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NASA is designing systems to take humans further into the solar system than we have ever been before - all the way to Mars.

2 Jan 2016 - 11:46 AM  UPDATED 2 Jan 2016 - 1:06 PM

The 2015 fictional movie "The Martian" depicted how it could look, but here on Earth, engineers and scientists are working out how to make it a reality. 

The US space agency, NASA, says the Space Launch System (SLS) will be the most powerful rocket in the world. It will need to be to propel humans all the way to Mars.

The manager of the science programs office at the Marshall Space Flight Center, Paul Gilbert, said the team is still in the very early stages of working out how to get to the red planet.

"Part of that is working with our partners from the International Space Station. We're working through that organisation, having discussions, what's their ideas, here are some of our ideas," he said. 

"And so, we're in the early sketchpad phases of trying to work that out and the partners have ideas and desires and things they want to do in cislunar space. And so, we've got to come together as a global family on what that next step is, and what kind of things do we want to explore together."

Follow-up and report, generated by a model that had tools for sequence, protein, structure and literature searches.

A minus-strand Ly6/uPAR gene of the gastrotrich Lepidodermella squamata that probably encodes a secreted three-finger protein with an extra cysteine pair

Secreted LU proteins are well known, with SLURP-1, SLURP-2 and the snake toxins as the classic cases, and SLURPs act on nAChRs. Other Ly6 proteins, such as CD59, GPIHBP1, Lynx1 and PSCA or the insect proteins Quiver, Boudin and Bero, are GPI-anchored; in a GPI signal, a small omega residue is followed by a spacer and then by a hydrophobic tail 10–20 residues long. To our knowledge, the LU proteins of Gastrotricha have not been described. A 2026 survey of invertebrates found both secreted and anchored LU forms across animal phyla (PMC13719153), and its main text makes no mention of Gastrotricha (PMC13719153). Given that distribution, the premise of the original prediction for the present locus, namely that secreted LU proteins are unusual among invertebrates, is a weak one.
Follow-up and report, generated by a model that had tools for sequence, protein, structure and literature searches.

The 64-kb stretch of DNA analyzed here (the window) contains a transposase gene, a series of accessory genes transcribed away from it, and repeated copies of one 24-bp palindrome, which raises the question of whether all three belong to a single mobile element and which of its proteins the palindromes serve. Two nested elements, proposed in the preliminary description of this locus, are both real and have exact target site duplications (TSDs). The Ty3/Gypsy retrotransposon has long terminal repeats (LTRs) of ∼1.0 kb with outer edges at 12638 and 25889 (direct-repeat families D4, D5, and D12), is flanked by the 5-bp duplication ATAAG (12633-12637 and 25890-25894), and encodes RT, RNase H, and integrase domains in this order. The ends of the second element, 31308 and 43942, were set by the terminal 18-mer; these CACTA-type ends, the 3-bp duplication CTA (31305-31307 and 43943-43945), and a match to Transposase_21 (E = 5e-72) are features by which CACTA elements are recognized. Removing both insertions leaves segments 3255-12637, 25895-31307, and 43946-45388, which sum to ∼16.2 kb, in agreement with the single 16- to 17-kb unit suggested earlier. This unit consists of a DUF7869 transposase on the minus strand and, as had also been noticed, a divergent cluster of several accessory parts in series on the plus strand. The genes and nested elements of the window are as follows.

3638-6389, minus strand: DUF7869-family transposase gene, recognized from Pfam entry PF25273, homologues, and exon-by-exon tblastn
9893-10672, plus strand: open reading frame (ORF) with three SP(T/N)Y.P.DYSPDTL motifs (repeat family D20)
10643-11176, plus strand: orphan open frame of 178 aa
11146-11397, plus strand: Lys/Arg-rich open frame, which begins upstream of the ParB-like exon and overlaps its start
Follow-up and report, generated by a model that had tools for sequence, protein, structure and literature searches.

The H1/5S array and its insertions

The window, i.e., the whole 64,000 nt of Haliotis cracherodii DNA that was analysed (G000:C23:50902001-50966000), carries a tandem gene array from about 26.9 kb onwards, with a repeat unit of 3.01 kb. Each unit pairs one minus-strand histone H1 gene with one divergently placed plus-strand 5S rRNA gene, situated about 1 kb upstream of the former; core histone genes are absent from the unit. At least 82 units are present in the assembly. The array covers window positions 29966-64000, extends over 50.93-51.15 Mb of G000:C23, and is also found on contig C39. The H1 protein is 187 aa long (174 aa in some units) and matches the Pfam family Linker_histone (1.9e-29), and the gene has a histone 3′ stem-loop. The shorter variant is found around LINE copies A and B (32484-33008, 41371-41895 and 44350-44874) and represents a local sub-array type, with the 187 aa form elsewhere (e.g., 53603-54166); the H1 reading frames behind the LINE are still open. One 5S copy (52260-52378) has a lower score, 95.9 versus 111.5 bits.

Teams at the Marshall Space Flight Center are taking ideas from concept to design, developing spacecraft that will land on Mars and support life in frigid temperatures.

Aerospace engineer Tara Polsgrove said work is underway on designs for a Mars lander that would safely deliver humans to the surface of the planet.

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"A Mars lander is essentially two parts," she said. "The bottom half is the descent stage, it has the propulsion systems on it to enable that soft landing. And, on top, is the payload, so we treat this kind of like a flatbed truck."

Spacecraft designs that would take humans through deep space are tested at NASA's Environmental Control and Life Support System (ECLSS) test chamber. 

NASA's David Smitherman said teams are using the International Space Station as a model for new ways to generate oxygen.

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Teams are also using simulated Martian rock and soil to advance 3-D printing that could help astronauts build structures on Mars with materials already there.

Sections of the Space Launch System, which will carry the Orion spacecraft, are being constructed across the United States.

The Orion spacecraft, the successor to NASA's space shuttle programme, made its first successful deep-space test voyage with a crew on board in December 2014 - an important step on the journey to Mars.

NASA scientists and engineers are now working towards the first flight of Orion on top of the Space Launch System rocket. This test will not have humans on board.

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Rocket engines are being tested and NASA expects the launch of the first version of the SLS in 2018.

"When the SLS and Orion and the ground support come together at Kennedy Space Center, I think the nation will be proud of what they've invested in NASA," says Patrick Scheuermann, former Marshall Space Flight Center Director who retired from NASA in November 2015.

The first expedition to Mars is planned for the 2030s.